Lora Faris is an award-winning creative director at Deloitte Digital. Over the course of her writing career, she has turned young homeowners into their parents with her Progressive’s Parentamorphosis campaign, built literal worlds in Minecraft for girls in STEM, and most recently, she helped successfully Rickroll the world. Lora has had the opportunity to create across dozens of industries and brands including Progressive, CSAA Insurance Group, Jack Daniel’s, Pepsi, and the Ad Council. She’s also an award-winning children’s book writer, to which she credits advertising for giving her the skills to tell a compelling story succinctly and her nieces and nephews for being tough, but fair, critics.
Get to know her and her creativity here.
Go and be bad at things.
I’ve always been a very go, go, go person. It’s difficult for me to slow down and nearly impossible to shut my brain off. I write a lot on my own time. I make bad pottery. I’m trying to turn my black thumb green. Everything is a medium. And I’m certainly better at some mediums over others.
In fact, I’m bad at most of my creative endeavours. It’s always incredible when other creatives turn their hobbies into side hustles or businesses. I’m always in awe, but that will never be me. I’m just too good at being bad at things. As a perfectionist at work, that’s important for me. Being bad at hobbies helps me fear failure less. If you saw my pottery, you would know I’m well-practised at messing things up.
There are two factors for me when judging a piece of work:
1) Do I immediately get the idea and the bigger picture behind it?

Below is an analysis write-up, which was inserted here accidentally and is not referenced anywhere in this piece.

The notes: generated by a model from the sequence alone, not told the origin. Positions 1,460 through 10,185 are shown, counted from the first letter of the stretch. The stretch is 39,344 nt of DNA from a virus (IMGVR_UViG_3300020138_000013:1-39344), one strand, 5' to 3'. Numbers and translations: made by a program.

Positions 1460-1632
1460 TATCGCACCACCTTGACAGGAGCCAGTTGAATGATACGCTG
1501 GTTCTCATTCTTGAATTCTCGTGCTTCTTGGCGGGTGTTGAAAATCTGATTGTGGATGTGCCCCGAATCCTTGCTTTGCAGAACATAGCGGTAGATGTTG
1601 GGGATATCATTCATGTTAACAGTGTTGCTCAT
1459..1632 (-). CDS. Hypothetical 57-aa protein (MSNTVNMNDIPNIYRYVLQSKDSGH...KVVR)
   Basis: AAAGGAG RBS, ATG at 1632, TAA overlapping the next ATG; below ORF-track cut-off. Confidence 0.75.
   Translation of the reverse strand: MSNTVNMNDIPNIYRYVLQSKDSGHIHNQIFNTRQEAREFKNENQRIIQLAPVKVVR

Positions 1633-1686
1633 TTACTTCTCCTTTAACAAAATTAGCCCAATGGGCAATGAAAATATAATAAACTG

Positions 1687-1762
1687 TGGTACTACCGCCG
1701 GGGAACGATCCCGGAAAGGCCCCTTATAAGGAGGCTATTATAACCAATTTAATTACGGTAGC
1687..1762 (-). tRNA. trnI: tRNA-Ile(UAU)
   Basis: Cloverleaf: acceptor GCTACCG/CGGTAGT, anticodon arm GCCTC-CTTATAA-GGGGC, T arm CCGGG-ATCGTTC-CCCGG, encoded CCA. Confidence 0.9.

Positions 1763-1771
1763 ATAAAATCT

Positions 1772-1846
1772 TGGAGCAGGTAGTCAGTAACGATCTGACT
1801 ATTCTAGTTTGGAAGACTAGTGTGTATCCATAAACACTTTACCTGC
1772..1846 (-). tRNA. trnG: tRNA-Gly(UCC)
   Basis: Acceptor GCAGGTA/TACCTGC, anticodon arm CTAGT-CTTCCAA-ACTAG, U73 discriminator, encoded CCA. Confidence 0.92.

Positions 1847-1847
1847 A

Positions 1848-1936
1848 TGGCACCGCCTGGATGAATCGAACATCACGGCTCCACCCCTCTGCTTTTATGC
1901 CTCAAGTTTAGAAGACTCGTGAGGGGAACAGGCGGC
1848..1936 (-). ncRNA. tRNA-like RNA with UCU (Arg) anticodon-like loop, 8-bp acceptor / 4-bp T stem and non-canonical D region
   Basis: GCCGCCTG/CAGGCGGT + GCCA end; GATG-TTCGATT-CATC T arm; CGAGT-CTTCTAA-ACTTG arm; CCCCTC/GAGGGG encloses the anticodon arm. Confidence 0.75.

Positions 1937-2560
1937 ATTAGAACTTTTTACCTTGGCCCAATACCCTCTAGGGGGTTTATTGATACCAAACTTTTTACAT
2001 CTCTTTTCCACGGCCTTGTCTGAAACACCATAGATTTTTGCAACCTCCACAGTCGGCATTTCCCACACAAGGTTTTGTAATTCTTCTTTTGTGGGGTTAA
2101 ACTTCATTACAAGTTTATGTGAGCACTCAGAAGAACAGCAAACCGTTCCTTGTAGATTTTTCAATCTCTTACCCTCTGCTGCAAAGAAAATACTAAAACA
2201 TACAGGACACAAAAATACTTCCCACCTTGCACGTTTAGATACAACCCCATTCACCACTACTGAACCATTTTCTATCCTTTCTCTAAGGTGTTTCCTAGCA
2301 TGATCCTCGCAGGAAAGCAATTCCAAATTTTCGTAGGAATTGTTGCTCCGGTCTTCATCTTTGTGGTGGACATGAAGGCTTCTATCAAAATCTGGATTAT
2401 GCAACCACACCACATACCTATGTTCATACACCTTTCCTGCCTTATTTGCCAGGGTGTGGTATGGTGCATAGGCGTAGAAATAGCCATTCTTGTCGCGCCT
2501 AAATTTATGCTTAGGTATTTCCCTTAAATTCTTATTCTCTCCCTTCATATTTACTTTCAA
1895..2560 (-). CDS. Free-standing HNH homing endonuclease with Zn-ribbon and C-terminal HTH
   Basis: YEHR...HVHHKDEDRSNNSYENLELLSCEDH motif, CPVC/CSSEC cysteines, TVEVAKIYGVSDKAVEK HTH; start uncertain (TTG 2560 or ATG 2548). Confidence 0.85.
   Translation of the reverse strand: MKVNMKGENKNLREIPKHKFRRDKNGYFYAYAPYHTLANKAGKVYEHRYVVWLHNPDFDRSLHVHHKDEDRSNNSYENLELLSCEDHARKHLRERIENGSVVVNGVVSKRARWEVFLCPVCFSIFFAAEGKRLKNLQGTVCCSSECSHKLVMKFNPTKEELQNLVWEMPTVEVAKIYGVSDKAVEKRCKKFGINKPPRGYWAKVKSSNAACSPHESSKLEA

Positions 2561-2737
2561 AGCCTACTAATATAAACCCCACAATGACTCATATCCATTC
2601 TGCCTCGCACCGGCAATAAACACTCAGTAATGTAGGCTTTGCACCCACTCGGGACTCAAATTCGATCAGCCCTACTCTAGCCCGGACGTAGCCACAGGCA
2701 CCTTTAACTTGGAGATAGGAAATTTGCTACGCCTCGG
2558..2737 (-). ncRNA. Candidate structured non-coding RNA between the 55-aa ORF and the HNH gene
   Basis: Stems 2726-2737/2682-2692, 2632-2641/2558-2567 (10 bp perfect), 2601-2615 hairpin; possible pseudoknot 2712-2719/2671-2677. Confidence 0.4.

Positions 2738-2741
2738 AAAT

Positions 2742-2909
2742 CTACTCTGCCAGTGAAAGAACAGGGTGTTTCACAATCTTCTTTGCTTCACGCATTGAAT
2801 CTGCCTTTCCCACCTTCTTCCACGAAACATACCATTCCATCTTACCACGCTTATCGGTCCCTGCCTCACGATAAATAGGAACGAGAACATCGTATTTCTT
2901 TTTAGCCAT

2) Does it make me feel something?
I know; there is nothing revolutionary about either. But that’s the formula for me. An intelligent, clearly communicated idea that hits me in the gut. Everyone has different interests, varying taste levels, and unique perspectives on what makes an idea good. But those two pieces should feel relatively universal.
I approach concepts with the confidence that Lora’s three days in the future have solved the problem and I need to figure out how she got there. It makes big ideas feel less daunting.
I had a calculus teacher in school that would be furiously solving a problem on the whiteboard, only to stop in the middle of a problem abruptly, step back, and aggressively slide the whiteboard out of the way while shouting, “And the rest is magic!” Because while the half-finished equation still looked challenging, everything remaining was algebra and arithmetic.
That’s how I feel about the creative process. The first part is calculus, and the rest is magic.
Finding the big idea is still daunting, but the ability to get there is built on a solid and sturdy foundation we’ve created from years of practice, endless curiosity, and hard work. We need to trust the foundation. The magic will come.
When I was in fourth grade, my older sister and I were at my brother’s basketball tournament, and we were incredibly bored. And, like all instances where we were incredibly bored, something horrible was about to happen to me.
She ended up convincing me to step inside a school locker. I knew it was a bad idea. But she was confident in her approach, so I stepped inside. I ended up being trapped for over five hours. A crowd had gathered when she finally told my mom, and they finally got the janitor back from his weekend fishing trip.
It remains the only standing ovation I have ever received.
All this to say, you need to stand up for your creative POV. You, your partner, your boss, your producer, your client, everyone is looking at a subjective piece of work with a unique opinion. It’s hard to have the confidence that yours is the right one. And who knows? Maybe it isn’t. But the last thing you want to happen is to follow an idea into a metaphorical locker without first saying, perhaps this isn’t the best path forward.